Conyza Species in Citrus Orchards and Vineyards of Turkey and Their Management with Glyphosate
Conyza species are considered one of the most aggressive weeds in the Aegean and Mediterranean regions of Turkey in terms of their invasive character and their ability to spread to agricultural and nonagricultural areas, including citrus orchards and vineyards. This study was conducted to determine the distribution of Conyza species in citrus orchards and vineyards in these regions and the efficacy of glyphosate when used at different growth stages. The majority of citrus fields and nearly half of the vineyard fields of Turkey were visited in 2015. Due to their similar appearance, the identification of Conyza species at the early stages of growth cannot straightforward; therefore, the species C. canadensis, C. bonariensis, and C. sumatrensis were identified by using PCR and DNA sequence analysis. A total of 252 citrus orchards (131) and vineyards (121) were included in the field survey conducted in the Aegean and Mediterranean regions, and 203 Conyza species were collected. The molecular data revealed that C. bonariensis was the most common Conyza species in nearly half of the citrus orchards, followed by C. canadensis at 33%. C. canadensis was the most dominant Conyza species in more than half of the vineyards, while C. bonariensis and C. sumatrensis were found in 36 and 13 vineyards, respectively. Sequence information of Conyza species was submitted to NCBI with GenBank accession numbers (Conyza (Erigeron) canadensis accession number: OM302550.1, C. bonarensis accession number: OM302551.1, C. sumatrensis accession number: OM302548.1). Glyphosate was more effective when it was applied at the earlier rosette stages for both susceptible and resistant biotypes. Therefore, late treatments could be the main reason for glyphosate having low efficacy against non-resistant populations of Conyza spp.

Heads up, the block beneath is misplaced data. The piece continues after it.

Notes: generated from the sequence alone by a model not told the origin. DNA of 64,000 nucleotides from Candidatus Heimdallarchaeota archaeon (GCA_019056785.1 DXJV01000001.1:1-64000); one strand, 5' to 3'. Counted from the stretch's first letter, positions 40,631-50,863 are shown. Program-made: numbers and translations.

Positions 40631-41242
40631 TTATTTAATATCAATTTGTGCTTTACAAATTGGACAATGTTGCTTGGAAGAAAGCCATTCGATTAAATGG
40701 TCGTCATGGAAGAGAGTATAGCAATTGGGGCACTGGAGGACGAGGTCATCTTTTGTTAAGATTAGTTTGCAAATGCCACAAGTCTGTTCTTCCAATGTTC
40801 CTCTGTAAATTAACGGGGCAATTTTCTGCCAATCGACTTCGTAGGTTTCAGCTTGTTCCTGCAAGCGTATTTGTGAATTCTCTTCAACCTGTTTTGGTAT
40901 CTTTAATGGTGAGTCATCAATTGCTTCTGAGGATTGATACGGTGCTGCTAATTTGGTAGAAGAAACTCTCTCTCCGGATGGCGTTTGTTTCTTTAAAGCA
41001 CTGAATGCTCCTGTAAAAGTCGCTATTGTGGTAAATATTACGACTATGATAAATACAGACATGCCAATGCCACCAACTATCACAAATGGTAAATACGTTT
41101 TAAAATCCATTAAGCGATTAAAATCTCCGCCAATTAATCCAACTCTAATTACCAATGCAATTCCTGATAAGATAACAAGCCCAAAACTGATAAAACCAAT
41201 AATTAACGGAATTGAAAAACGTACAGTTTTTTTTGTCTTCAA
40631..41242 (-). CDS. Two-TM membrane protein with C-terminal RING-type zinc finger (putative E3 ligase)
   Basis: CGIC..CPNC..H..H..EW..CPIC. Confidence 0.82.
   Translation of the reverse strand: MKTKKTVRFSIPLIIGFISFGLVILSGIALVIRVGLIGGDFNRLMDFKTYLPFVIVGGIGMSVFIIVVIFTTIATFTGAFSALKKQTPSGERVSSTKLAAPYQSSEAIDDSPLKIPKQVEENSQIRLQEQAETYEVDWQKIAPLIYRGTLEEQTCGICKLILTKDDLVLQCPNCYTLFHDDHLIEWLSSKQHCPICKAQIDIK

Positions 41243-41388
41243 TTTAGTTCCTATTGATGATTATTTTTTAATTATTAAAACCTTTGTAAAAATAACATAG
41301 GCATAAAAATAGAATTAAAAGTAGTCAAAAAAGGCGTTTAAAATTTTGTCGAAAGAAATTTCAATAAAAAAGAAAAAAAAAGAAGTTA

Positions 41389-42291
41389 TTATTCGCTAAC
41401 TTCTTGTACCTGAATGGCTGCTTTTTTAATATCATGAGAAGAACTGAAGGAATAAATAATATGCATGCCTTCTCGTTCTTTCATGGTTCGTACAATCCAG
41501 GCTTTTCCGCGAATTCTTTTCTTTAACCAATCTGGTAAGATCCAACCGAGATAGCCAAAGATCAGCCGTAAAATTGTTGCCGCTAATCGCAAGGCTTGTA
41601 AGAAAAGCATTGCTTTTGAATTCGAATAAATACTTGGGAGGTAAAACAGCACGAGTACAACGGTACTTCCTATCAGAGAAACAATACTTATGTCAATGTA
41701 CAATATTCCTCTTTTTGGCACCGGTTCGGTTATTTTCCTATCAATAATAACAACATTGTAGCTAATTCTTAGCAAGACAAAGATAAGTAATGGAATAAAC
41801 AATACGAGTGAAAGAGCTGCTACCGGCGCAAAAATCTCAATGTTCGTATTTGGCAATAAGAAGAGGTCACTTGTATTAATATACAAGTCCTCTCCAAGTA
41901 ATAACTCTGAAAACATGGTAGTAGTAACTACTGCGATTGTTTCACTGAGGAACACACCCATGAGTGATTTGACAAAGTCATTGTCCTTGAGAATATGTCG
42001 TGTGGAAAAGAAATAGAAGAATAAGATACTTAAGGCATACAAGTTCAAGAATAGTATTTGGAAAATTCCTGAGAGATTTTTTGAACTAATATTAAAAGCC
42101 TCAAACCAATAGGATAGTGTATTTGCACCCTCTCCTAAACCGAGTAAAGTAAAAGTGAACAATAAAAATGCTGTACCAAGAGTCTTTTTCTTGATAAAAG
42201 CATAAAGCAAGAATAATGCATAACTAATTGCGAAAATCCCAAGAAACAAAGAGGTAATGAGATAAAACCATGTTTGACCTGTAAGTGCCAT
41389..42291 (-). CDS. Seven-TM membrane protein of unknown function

Keywords: Citrus orchard, DNA sequence analysis, Glyphosate, Horseweed, Vineyard